Your Flattery Will Be The Death of Me
"Do not take a ransom . . . And you will not pollute the land . . .
rather you shall execute him."(35:33,34)
The Sifri sees in the words "lo sachnifu" es ha'aretz, a prohibition against
flattery, for the word "chanifa" means "flattery". The Ramban attempts to
show the connection between flattery and the prohibition against condoning
murder which is the simple interpretation of the verse. Accepting a bribe
from a murderer in exchange for his pardon is a form of flattery. We are
treating him as an upstanding citizen of society, although he is a wicked
Perhaps another parallel can be drawn between flattery and murder.Murder
destroys a person's physical reality. However, a person can be destroyed
emotionally, psychologically, and spiritually as well. Flattery gives one a
false sense of his reality. A person who is not in touch with who he really
is, is not considered to be alive. This is a false sense of existence.
Flattering a person, thereby being the catalyst to his losing touch with his
true reality, is akin to murdering him.
1. Ramban, 35:34
Respecting Human Life
"Then Moshe designated three cities." (Devarim, 4:41)
The Talmud teaches that the three cities of refuge on the east bank of the
Jordan River only became functional after the three on the west bank were
established. Although Moshe knew that the latter three would only be
established fourteen years after his passing, he insisted on establishing
the three on the east bank. The Talmud uses this as an example of Moshe's
alacrity in the performance of mitzvos.
Generally, alacrity in the performance of a mitzva leads to the mitzva being
accomplished sooner. However, in Moshe's case,since the cities offered no
refuge until after they all were completed, what was there to be gained by
The cities of refuge served a dual purpose. One function was as a safe haven
for the perpetrator of an accidental murder, while the second was to create
a higher degree of awareness amongst Bnei Yisroel concerning the sanctity of
human life. The mere presence of the city sent a message to everyone to be
more cautious with their actions. Although the first function did not take
effect until after the conquest of Eretz Yisroel, Moshe was able to
immediately set the second function into motion.
1. Makkos, 10a
Murder Desensitizes Us
"You must designate for yourselves cities of refuge." (35:11)
Hashem commanded Moshe to designate six cities of refuge. Three of the
cities were located on the east bank of the Jordan River, and three were on
the west bank. The Talmud questions this designation, for only
two-and-a-half tribes were located on the east bank, while the remaining
nine-and-a-half tribes were located on the west bank. Our Sages explain that
the disproportionate allocation was due to the high incidence of murder
which took place on the east bank of the Jordan. The Baalei HaTosfos
question this explanation. These cities offered refuge only to someone who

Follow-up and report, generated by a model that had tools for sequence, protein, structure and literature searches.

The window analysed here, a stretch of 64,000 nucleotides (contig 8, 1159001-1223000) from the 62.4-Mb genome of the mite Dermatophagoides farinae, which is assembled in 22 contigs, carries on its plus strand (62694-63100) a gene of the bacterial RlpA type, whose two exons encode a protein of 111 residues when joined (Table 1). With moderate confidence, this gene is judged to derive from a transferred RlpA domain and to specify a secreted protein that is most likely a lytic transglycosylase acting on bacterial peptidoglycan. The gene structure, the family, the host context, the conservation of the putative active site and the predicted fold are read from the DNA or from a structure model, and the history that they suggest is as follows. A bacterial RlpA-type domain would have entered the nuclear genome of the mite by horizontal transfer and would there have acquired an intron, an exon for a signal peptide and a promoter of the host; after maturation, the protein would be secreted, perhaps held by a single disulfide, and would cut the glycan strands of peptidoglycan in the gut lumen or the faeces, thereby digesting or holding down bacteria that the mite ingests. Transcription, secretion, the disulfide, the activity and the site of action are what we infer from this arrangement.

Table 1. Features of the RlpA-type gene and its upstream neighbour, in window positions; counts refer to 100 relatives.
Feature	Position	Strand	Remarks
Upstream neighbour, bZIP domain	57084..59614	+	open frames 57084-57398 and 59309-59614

had killed inadvertently. Therefore, the high incidence of murder, which is
a premeditated act, should not be a determining factor in the location of
the cities of refuge. The Baalei HaTosfos answer the question by citing the
following passage from the Talmud: When a person murders without being
detected, Hashem sees to it that he is punished. Hashem orchestrates a
scenario whereby the murderer is killed accidentally. Therefore, a higher
incidence of murder will result in a higher incidence of inadvertent killing.
The Talmud relates that the individual responsible for killing the murderer,
is himself a person who had previously killed inadvertently. However, since
the first killing went undetected, he did not feel the necessity to run to a
city of refuge. Therefore, Hashem created a similar situation which was
detected, thus forcing him to flee to a city of refuge. If so, it would seem
that the high incidence of murder has no impact on the high incidence of
inadvertent killing, for the murderer who was killed accidentally, needs to
be killed by someone who has unintentionally killed in the past. The number
of inadvertent murderer would appear to be independent of the number of
murderers. Thus, the question still remains.
The Rambam makes a distinction between an -"oness" and a "shogaig". An
"oness" is a person who kills someone without the slightest degree of
negligence. Such a person is absolved of all responsibility, and is not
required to flee to a city of refuge. In the case of a "shogaig", there is a
certain degree of negligence, and it is under these circumstances that the
perpetrator must flee to a city of refuge.
The Talmud is teaching us that in an area where there is a high incidence of
murder, the populace becomes desensitized to the sanctity of life.
Therefore, in these areas there is a higher propensity for carelessness
involving potentially life-threatening acts. The reason why there was a
greater need for the cities of refuge on the east bank of the Jordan was
that the higher incidence of murder reflected a lack of sensitivity to the
sanctity of life and therefore resulted in a higher incidence of killings
due to negligence.